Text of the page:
I mentioned yesterday that I was doing a talk this morning on Women’s Lit, and I thought I’d share a bit of what we discussed this morning.
I began by introducing myself. Unlike my fellow panellist, a lovely academic professor who discussed the magazine Time and Tide (from between the world wars), I was coming from a publishing and writing space. I’m a development editor for an lgbt publishing house, I’m a writing consultant and teacher, and I’m a PhD candidate working on gender in contemporary mythology.
The topic was Women’s Literature. Now, that’s rather vague, isn’t it? I mean, what is women’s lit? Is it literature written by women, regardless of subject? Is it literature written about women, regardless of author’s gender? Does it need to have feminist undertones and be aware of gender? Is a crime novel, written by a woman, but without female characters, women’s literature? I mean,it’s written by a female author, after all.
When I went to the conference in Manchester, it was 95% heterosexual women writing gay male romance/erotica. Is that women’s literature?
Recent statistics about women and writing are strange: According to Julie Crispin at Tor, out of over 500 manuscripts they received in the first half of this year, only 32% were submitted by women. A bit of research shows this as a trend all over–fewer women are submitting their work to publishers. But, paradoxically, more women are self-publishing than men (by about 2:1). And the top earners in e-publishing are women. Traditional publishing numbers overall are still higher than overall self publishing figures, though.
So: why aren’t women writing? Why aren’t they submitting work they have written? Is it a confidence issue? Time? Desire? Lack of validation?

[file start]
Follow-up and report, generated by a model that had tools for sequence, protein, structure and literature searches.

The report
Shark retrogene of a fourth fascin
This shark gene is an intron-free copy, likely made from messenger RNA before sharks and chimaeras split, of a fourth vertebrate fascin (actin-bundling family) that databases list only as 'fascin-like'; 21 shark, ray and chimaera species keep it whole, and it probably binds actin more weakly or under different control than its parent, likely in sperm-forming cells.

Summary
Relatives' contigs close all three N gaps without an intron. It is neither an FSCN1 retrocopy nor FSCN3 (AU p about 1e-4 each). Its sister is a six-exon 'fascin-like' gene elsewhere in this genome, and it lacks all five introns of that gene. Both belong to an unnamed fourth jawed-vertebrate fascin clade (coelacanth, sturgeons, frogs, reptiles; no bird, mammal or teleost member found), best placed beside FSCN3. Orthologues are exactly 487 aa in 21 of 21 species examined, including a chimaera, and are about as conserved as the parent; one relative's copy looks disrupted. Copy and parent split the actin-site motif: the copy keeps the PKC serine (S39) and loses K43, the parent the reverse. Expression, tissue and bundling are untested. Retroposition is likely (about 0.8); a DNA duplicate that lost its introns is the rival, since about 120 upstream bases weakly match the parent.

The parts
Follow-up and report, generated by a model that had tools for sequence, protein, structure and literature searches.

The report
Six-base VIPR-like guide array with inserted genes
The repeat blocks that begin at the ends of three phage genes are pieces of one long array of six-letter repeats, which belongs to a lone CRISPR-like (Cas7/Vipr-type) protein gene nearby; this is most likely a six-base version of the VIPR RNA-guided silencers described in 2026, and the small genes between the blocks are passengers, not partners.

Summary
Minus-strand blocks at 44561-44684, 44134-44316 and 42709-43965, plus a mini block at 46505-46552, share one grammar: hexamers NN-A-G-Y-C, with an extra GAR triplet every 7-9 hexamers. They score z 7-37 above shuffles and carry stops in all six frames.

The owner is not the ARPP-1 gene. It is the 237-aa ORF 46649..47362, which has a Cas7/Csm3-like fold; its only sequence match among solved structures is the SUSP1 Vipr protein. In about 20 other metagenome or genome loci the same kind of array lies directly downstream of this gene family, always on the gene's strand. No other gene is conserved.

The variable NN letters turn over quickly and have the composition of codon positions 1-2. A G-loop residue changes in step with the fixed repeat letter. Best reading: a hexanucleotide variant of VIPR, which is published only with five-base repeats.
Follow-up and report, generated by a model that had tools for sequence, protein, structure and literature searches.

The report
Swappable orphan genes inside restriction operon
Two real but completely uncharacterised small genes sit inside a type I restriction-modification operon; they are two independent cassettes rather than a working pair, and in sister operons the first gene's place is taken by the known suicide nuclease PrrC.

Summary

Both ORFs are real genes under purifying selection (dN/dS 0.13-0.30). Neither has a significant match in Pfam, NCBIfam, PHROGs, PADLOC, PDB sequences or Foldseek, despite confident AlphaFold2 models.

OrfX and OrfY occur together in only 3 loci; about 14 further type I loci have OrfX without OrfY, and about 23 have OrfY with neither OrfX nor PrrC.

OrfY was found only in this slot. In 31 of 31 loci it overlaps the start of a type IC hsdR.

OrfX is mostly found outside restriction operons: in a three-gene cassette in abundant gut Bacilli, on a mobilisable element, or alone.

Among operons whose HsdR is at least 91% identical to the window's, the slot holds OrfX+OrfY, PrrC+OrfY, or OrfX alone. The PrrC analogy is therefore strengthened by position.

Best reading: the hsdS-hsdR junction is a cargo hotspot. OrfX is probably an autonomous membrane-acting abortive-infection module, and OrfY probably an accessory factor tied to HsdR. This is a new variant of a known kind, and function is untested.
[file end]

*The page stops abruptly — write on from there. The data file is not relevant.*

When it comes to book reviews, women’s work is reviewed substantially less than men’s–of the New Yorker’s book reviews, 84% were books authored by men (73% in the UK). Now, if we consider that women are submitting far less, then it stands to reason they’ll be reviewed less, because there are less of their books out there.
No, not necessarily. The fact is, there are enough books out there that the reviewers could balance out their reviews a bit more. But sadly, the writing world is still heavily dominated by men. And if the reviews focus on men’s work, but not women’s, then maybe women feel their work is ‘less than’ before they even start writing?
Why are women’s voices going so quiet?
That’s the gist of the conversation. It was engaging, and the few people in the audience really got involved in the discussion. I love discussions like these. Not only does it keep me confident in my conference type speaking, but it also allows me to talk to other people interested in writing and women, two of my passions.
Today’s question: Does gender matter to you in the books you read? Do you care if the author is female? Do you care if the characters are? What do you consider Women’s literature?
Book: Promethea by Helene Cixous
Song: Where Have You Been by Rihanna